Was mich nicht umbringt, macht mich stärker 🦾: Berlin

"What does not kill me makes me stronger" | Berlin, the city with vibrant culture, cutting-edge architecture, intense parties and tangible history.

Was mich nicht umbringt, macht mich stärker 🦾: Berlin
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Berlin is a city with a long and rich history dating back to the 13th century. It has been a major European city for centuries, and its culture and architecture reflect that.

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Today, Berlin is a major cultural center, with dozens of museums, theaters, and other cultural institutions. It is also a major foodie city, with a wide variety of international cuisine available.

View over the River Spree to Nikolaiviertel and Alexanderplatz. The Nikolaiviertel is the reconstructed historical heart of the German capital Berlin. The Nikolaikirche (Saint Nicholas Church) gives its name to the neighbourhood five minutes away from Alexanderplatz. The Alexanderplatz is a large public square and transport hub in the central Mitte district of Berlin, near the Fernsehturm the Rotes Rathaus, the town hall of Berlin.
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And of course, Berlin is also well-known for its nightlife, with a huge variety of clubs and bars to choose from. Whether you're interested in history, culture, food, or just a good time,

Berlin has something to offer you:

1. Fernsehturm

The famous Fernsehturm in Berlin.
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The TV Tower is Germany's tallest structure and it offers amazing views of the city from the observation deck and the Sphere restaurant.

The Berlin Television Tower, one of the most iconic sights of Germany and always worth a visit.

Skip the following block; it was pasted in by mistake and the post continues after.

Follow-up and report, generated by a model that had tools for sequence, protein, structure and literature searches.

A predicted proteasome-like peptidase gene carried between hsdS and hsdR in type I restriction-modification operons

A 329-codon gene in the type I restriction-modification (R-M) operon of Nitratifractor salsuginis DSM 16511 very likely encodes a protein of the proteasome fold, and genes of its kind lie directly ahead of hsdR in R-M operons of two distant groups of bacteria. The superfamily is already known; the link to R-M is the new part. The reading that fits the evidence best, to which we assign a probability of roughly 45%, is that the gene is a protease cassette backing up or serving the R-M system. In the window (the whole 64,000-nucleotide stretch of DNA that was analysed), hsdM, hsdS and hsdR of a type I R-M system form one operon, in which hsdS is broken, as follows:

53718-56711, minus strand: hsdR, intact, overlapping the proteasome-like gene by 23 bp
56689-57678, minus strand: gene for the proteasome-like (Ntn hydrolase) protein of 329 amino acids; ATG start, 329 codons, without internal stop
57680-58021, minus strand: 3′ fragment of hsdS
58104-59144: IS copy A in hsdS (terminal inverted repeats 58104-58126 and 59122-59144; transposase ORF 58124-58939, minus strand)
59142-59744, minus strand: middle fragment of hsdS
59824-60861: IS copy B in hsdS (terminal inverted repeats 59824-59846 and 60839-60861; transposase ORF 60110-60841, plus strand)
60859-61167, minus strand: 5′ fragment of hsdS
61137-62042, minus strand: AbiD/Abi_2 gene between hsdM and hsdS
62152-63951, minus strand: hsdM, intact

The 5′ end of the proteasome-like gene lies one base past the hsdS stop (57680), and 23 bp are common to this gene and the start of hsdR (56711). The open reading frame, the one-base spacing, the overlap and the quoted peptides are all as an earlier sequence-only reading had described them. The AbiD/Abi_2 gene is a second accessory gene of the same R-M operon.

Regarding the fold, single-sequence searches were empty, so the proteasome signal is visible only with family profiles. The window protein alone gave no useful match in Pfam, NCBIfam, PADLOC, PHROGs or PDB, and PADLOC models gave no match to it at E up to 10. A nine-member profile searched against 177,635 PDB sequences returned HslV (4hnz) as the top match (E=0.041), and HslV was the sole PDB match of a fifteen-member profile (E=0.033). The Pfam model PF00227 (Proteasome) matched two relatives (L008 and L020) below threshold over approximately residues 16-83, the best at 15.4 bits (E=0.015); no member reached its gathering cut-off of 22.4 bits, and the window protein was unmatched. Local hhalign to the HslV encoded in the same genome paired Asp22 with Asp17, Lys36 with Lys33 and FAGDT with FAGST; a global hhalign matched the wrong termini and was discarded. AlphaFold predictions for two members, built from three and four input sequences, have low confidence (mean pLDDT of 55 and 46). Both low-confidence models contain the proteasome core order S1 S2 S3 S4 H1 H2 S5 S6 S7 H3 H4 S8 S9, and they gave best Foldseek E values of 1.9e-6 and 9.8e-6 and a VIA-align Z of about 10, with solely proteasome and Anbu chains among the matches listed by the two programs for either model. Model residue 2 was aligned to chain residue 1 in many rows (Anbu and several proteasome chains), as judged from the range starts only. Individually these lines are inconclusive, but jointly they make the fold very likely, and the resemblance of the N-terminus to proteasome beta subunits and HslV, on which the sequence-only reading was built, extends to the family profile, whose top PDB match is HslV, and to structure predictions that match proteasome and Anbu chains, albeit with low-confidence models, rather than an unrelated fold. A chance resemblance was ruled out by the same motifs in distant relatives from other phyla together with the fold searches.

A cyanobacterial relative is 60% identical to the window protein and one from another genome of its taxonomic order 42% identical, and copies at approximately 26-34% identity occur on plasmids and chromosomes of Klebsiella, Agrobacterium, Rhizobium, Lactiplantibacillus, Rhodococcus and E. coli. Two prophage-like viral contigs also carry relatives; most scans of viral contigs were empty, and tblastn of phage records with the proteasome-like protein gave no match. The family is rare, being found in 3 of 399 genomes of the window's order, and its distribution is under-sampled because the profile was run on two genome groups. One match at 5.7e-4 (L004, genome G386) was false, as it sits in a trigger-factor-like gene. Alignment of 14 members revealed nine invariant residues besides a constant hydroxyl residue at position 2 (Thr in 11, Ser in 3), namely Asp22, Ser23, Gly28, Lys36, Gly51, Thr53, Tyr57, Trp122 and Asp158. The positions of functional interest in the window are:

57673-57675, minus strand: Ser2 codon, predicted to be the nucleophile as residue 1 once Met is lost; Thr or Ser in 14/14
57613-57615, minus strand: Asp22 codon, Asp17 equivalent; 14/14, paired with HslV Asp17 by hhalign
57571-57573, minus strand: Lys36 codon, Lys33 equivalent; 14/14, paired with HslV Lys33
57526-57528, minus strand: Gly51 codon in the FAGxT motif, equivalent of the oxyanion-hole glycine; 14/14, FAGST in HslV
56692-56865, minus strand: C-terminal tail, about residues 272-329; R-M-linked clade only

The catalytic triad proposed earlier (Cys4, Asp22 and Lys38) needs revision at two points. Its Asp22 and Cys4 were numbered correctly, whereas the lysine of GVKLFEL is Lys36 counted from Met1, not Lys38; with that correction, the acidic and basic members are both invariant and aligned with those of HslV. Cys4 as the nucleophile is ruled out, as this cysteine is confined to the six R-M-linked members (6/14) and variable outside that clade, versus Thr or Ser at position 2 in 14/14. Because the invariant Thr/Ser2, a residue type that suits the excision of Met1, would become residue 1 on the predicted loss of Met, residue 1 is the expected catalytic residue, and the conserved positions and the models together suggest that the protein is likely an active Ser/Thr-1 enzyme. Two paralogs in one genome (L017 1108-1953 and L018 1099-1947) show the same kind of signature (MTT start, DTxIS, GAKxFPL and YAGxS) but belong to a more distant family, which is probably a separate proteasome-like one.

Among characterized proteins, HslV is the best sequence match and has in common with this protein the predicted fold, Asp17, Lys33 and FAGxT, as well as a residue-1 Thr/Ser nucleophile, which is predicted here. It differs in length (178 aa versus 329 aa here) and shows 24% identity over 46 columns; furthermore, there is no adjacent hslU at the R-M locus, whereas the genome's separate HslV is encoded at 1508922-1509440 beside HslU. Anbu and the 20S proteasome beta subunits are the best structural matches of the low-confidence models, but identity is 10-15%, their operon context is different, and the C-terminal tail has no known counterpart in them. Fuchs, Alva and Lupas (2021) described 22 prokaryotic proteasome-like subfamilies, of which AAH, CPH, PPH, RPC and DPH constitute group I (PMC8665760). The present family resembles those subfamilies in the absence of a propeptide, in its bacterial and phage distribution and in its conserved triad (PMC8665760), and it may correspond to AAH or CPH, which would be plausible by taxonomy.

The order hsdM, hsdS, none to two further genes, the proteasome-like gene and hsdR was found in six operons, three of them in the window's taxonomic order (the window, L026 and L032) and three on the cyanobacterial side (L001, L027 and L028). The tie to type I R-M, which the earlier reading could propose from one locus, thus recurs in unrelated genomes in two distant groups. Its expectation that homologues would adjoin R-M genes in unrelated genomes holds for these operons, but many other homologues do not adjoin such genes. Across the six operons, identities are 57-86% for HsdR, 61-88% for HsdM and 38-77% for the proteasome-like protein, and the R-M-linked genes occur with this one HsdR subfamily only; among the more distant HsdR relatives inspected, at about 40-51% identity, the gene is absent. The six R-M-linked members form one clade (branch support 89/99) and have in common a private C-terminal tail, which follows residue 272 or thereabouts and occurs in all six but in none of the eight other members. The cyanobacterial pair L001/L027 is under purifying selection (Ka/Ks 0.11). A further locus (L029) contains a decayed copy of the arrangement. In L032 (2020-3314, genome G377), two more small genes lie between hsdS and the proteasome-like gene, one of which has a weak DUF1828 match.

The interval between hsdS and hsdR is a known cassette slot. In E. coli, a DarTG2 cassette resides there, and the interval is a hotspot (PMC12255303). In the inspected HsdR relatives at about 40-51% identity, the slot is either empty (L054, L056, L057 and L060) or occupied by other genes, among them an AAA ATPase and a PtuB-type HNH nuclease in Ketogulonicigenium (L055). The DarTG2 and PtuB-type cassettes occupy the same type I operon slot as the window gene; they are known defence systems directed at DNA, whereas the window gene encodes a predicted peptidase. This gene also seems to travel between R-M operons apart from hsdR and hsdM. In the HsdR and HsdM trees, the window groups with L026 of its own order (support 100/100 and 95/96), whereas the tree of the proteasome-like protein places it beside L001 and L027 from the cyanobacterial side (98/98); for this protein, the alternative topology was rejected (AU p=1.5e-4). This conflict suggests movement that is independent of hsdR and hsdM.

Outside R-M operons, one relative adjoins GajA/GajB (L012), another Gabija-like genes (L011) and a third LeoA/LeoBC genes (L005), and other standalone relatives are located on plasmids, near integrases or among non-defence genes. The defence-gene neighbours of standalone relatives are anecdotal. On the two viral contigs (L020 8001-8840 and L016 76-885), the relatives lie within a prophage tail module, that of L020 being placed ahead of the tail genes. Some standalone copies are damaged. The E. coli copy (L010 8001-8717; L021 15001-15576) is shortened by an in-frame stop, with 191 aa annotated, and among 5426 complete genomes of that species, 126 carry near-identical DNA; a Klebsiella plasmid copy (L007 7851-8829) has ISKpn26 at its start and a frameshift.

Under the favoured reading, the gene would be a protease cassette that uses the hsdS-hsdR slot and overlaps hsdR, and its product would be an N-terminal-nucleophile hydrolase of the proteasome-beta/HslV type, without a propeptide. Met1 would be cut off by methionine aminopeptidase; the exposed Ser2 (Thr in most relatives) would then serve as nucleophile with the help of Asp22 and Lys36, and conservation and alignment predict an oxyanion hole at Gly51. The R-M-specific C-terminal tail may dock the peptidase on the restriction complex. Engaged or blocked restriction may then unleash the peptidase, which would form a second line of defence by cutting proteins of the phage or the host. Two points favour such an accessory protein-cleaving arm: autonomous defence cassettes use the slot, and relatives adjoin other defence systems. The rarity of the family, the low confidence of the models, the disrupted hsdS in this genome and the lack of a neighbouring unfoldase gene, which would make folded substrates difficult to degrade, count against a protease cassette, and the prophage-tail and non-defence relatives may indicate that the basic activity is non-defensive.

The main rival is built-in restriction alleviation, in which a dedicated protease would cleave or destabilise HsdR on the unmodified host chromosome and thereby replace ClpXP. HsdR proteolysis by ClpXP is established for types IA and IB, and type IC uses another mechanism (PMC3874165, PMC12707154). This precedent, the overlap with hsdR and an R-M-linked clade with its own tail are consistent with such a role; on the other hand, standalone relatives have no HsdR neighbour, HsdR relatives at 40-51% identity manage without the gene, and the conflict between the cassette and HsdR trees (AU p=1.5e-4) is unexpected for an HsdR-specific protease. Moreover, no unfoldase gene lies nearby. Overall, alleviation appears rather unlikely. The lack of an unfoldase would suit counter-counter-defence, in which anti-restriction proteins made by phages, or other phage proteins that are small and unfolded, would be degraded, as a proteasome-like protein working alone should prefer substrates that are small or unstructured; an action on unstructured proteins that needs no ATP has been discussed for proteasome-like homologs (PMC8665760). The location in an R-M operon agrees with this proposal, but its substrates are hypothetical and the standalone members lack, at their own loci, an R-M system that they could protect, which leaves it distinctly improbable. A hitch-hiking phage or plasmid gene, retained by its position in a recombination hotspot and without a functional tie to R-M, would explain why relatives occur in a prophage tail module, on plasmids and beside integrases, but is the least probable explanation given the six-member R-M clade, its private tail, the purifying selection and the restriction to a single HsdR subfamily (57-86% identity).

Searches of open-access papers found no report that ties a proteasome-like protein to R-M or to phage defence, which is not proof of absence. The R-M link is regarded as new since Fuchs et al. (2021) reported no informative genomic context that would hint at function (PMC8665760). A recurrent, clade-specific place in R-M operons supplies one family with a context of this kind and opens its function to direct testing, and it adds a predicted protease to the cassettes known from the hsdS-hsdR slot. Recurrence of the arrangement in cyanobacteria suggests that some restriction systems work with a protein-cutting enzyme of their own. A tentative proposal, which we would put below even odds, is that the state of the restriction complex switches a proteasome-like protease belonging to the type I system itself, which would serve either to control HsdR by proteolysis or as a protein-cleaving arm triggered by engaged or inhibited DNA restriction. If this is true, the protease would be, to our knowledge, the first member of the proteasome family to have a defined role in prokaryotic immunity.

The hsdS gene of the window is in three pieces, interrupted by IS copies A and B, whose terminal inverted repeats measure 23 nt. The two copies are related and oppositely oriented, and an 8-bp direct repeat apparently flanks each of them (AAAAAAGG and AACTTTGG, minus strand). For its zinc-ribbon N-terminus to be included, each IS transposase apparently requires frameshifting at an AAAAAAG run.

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The tower is a bit of a laughing stock because, when hit by the sun, the steel sphere below the antenna produces the reflection of a giant cross. West Berliners have dubbed this phenomenon ‘the Pope’s revenge’.

2. Sony Center

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Sony Center is a visually stunning complex designed by Helmut Jahn. It is fronted by a 26-floor glass-and-steel tower and integrates rare relics from the prewar era of Potsdamer Platz, such as the opulent Kaisersaal.

Color reflections during the night at Sony Center, Berlin
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The heart of the Sony Center is a central plaza canopied by a tentlike glass roof with supporting beams radiating like bicycle spokes. The plaza and its many cafes are popular places to hang out and people-watch.

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The East Side Gallery is the embodiment of Berlin’s grit and guts. It’s a symbol of hope, creativity and resilience – for Berliners, but also the rest of the world.In 1989, the Berlin Wall, a grey and grisly divider of humanity, was finally torn down after 28 years.

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Today its longest surviving stretch forms the world’s largest permanent open-air art gallery, known as the East Side Gallery.The nearly mile-long (1.3 km) section of wall, located along the Spree river and Mühlenstrasse, showcases more than 100 murals. Dozens of international artists have translated the Cold War era’s global euphoria and optimism into a mix of political statements, psychedelic-induced musings and manifold artistic visions.

Photo by Jeison Higuita / Unsplash

These days, you’ll often see the  covered in groups of shutterbugs – the city estimates over three million visitors come here annually – as well as ample, unsightly fences warding off vandalism. Despite such a touristy backdrop, just ask your average Berliner – there will always be a kind of magic about the East Side Gallery.

4. Stasi Prison

Photo by Matyas Rehak / Shutterstock

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